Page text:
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Uncovering Untold Stories: Timor-Leste's First English News Service


Words by Philippa McDonald, journalist and former ABC News reporter.

Timor-Leste is just an hour and a half’s flight from Darwin, but it is one of the poorest countries in the world, with almost half of its children suffering malnutrition. It’s also an oil and gas rich country with geopolitical importance, where Australia, the United States, and China are investing in development and vying for influence.

This is a country I was told would “get under my skin” and I’m about to embark on my seventh visit since March this year. I’ve been proud to play a small part in setting up the first ever English-speaking TV news service, RTTL World News.

The newsroom, which is Timorese-led and telling Timorese stories to the world, was founded by a partnership between ABC International Development (ABC ID) and one of the youngest public broadcasters in the region.

After 30 years as a reporter for ABC News, both in Australia and overseas, I never thought I could find another job so exciting and with such purpose. Being in Timor-Leste has challenged me; you can’t help but be moved by the hardship and courage here, but everything I’ve learnt over my journalistic life has come in handy.

This opportunity has followed masterclasses I have co-facilitated with women throughout the Pacific and training in the Solomon Islands. Every day is new, and I am passionate about sharing any skills I have which may make a difference, whether it be preparing for a tough interview or researching an explainer about carbon capture and storage.

I have never worked in a newsroom where there’s been flooding and I have feared the ceiling may fall in, let alone tried to establish an English-speaking bulletin with no journalists, phones or laptops. But, thanks to this crucial partnership, resources have started to flow.

Bella Cortereal (Left)  Philippa McDonald (Middle)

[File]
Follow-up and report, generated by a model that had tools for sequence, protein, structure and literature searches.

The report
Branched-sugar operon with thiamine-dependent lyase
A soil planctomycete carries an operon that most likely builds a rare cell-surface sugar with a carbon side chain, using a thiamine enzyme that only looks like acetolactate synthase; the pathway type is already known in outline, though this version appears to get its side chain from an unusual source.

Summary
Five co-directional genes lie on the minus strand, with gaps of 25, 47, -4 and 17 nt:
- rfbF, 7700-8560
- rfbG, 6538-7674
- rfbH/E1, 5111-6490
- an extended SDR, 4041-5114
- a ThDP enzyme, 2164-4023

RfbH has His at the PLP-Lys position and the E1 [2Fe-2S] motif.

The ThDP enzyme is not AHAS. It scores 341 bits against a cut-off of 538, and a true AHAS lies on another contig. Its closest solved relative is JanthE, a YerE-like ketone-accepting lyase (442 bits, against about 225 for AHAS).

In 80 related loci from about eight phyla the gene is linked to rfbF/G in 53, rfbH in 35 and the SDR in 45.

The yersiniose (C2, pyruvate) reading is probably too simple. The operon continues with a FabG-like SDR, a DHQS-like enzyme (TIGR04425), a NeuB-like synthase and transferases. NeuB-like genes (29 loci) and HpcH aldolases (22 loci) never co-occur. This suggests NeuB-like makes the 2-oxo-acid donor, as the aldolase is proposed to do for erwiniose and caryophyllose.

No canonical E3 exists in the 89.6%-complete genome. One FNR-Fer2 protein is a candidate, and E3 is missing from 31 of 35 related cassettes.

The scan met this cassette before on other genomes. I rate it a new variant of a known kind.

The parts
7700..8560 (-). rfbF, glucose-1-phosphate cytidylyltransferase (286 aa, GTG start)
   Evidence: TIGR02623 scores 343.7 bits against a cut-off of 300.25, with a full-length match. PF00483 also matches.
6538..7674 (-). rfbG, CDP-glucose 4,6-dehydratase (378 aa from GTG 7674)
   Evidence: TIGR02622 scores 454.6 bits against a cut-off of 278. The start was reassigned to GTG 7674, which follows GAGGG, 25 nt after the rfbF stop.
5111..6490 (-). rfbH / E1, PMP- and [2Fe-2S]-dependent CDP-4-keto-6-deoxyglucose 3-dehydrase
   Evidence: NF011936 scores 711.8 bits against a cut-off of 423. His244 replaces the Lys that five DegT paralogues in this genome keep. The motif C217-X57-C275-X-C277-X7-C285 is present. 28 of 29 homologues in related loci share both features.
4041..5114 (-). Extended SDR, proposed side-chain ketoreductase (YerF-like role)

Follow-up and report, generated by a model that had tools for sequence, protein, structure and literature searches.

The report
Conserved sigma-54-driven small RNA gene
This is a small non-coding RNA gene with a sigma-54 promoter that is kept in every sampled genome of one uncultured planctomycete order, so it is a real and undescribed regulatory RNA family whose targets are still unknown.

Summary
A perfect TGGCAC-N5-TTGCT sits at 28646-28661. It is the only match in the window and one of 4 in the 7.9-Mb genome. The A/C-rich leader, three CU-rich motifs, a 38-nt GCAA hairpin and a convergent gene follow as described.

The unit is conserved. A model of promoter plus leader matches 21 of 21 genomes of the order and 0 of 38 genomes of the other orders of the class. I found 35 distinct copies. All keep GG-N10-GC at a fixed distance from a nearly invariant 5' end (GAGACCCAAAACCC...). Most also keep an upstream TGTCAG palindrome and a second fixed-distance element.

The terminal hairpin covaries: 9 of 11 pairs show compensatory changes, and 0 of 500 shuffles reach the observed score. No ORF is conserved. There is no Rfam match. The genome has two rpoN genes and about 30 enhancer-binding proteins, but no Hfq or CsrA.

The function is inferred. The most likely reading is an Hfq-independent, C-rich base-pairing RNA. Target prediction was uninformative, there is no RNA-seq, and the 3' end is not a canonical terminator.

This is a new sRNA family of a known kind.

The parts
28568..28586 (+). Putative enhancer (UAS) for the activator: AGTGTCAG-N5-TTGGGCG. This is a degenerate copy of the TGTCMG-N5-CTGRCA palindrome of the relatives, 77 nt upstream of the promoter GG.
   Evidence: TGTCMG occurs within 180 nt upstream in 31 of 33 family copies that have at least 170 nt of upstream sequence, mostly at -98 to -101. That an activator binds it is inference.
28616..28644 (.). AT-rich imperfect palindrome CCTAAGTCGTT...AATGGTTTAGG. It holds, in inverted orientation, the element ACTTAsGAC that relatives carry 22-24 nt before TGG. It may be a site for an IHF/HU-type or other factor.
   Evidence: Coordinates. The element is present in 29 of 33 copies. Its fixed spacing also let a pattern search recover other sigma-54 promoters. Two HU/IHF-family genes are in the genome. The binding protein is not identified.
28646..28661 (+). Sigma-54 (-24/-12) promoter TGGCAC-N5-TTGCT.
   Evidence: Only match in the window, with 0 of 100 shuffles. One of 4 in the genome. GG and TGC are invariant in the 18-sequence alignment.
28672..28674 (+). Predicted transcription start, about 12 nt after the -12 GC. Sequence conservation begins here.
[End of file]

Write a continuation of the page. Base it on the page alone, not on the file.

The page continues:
Bella Cortereal (Left) Philippa McDonald (Centre)

The focus of this work is on media independence, as well as producing fair and unbiased journalism for audiences. The ABC ID team, including Fiona Churchman, Jo Elsom, Aaron Kearney, Mark Bowling, Michael Coggan, Salvador de Jesus, Fernanda Maria, Randi Dahnail, Caroline Winter and a host of other specialists, have been working alongside journalists, newsreaders, editors and camera people in intensive on-the-job training. Two Australian Volunteer International volunteers have also worked to teach English and text editing.

The President of the public broadcaster, RTTL is almost as famous as Ita at the ABC. Jose Belo was imprisoned and tortured for his role in making sure the world knew about the atrocities in Timor-Leste. Both Jose Belo and President Jose Ramos-Horta are big believers in the power of an English-speaking TV News service to Timor-Leste’s development and membership of ASEAN.

But this is a country where young people are often taught in Portuguese and Tetum and are more likely to speak Bahasa than English. Our team didn’t grow up with English and have worked tirelessly to learn.

We had less than three months to launch our first bulletin. I arrived in March this year and we launched on June 5 to indoor fireworks and the popping of corks. When I started, I had no journalists to work with and I waited for trust to build with my translator, Ana. The first journalists came from the sport department: one could speak English, the others were rather quiet, but hey, they were taking a risk, and we were a ‘start-up’.

During the May election campaign our news director, Bella Cortereal, was presenting a one-hour political talk show every night, as well as running the English-speaking newsroom, reporting and reading her first ever bulletin in English. We all cheered.